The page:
3)  TOASTMASTERS – Muddling through the middle: Draw the audience into the middle of your speech and into a seamless closing comment without letting up the emotional roller coaster ride. What’s your particular spin on the topic? If it doesn’t lend itself to humor titillate the listeners’ senses by bringing in the physical aspects; keep eye contact and reiterate special points with repetitions (three is a good rule of thumb throughout). Emphasize your message with all five senses; so that they’ll see, feel and even smell the meaning of your message. Conjure up the intended images with a few choice descriptions like, “sweet smell of freshly mowed grass” or “concrete prison of the soul”. Paint vivid scenes in their minds constantly tugging at the desired emotions with the most impact.
WRITING – The sagging middle/or info dump: The novel has to be seamless throughout the beginning, into the fast and captivating middle and rolling into the end, preventing the reader contemplating skipping any parts. Avoid back-story paragraphs or even pages, known as ‘info-dump’. Weave in small chunks into the story sensitively, continuously moving the story forward.

Use flashback scenes sparingly. Keep them short.

Let the characters and the story propel the reader along. Don’t let her get bored and put the book down. Finish each scene at a high point or a cliffhanger. And keep your promise to deliver till the very last satisfying page; the gripping, emotional, fulfilling end.

4) TOASTMASTERS – End your speech on a high-note:  Lead the listeners to the strong end with a closing statement that encapsulates your speech’s whole tone and intention. Leave them in awe or moved in some way. Highlight your theme and make the last closing words as strong and lasting on the audience as the opening hook. You may challenge, impart a certain uplifting feeling or hammer home your message with the intensity it demands. The last thing they hear is what they take away with them. Leave them wanting to hear you again.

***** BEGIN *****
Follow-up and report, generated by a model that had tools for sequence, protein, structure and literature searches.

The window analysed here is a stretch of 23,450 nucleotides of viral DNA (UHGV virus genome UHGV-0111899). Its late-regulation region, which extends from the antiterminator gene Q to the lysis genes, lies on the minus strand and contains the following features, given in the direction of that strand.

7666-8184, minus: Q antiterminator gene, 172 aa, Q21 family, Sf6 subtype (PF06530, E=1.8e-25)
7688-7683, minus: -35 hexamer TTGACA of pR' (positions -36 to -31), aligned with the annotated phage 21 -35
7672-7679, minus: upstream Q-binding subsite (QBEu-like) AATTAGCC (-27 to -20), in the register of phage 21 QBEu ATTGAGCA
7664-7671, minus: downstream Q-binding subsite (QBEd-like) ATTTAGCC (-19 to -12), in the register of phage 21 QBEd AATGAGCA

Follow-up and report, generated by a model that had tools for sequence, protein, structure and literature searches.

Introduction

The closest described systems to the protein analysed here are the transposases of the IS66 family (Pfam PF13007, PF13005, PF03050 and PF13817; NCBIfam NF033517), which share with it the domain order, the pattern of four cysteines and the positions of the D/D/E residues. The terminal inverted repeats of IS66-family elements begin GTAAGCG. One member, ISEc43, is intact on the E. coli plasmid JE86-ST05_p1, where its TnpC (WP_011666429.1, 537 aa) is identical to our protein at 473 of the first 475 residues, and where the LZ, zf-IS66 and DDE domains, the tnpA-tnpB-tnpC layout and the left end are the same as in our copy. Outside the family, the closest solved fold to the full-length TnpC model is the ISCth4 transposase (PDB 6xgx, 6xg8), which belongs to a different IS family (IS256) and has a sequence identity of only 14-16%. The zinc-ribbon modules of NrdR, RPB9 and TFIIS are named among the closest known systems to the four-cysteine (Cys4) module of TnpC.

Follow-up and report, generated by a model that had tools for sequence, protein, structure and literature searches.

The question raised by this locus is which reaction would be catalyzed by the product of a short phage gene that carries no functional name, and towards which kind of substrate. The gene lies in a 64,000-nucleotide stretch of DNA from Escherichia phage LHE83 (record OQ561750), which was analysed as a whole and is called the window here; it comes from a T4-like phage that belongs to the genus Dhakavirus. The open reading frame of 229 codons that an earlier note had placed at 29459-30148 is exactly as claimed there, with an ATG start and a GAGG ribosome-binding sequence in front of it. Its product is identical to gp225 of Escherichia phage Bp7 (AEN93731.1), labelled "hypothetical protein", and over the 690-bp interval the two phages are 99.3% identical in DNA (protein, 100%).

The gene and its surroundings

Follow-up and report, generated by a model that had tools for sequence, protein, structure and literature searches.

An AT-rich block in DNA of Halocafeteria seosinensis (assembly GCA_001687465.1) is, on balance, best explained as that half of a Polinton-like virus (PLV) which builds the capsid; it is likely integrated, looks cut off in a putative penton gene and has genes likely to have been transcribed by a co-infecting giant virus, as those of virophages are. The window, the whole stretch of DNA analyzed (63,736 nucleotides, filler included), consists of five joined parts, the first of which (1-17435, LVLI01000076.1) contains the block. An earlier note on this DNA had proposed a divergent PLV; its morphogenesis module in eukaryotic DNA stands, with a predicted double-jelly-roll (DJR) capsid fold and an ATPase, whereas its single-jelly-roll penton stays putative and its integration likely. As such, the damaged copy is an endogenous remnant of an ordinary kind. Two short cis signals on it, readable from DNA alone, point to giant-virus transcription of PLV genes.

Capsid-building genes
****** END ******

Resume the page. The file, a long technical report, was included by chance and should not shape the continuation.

WRITING – Satisfaction to the ‘Happy ever after’ of the last page: Some authors have the knack of flawlessly meshing together all the characters, structure and theme. They know how to keep the reader hanging at the end of their armchair, their cup of tea left forgotten. What makes the reader want to start rereading your book, until your next masterpiece comes out at the bookstore? Or to rave about it to her friends? You’ve kept your promise. You’ve given them the most memorable and satisfying journey and climax.

What stays with the readers well after the story is forgotten is the emotion you evoked in them, and how strongly they identified with your characters.

Just like the personal impact the speaker has on his fellow Toastmasters, make that first and lasting impression with your characters and story, plucking at the perfect heart-strings from your readers and your audience. They’ll come back to drink again and again from your well of wisdom or entertainment.

The ending is just as important as the introductory hook, just like my first impression of the Toastmasters. My first impression of Toastmasters is going to last forever. I’m inspired and excited about my impending journey to self discovery, the potential for immense self-improvement and making a lasting impression on the world – in person as well as though my love of writing.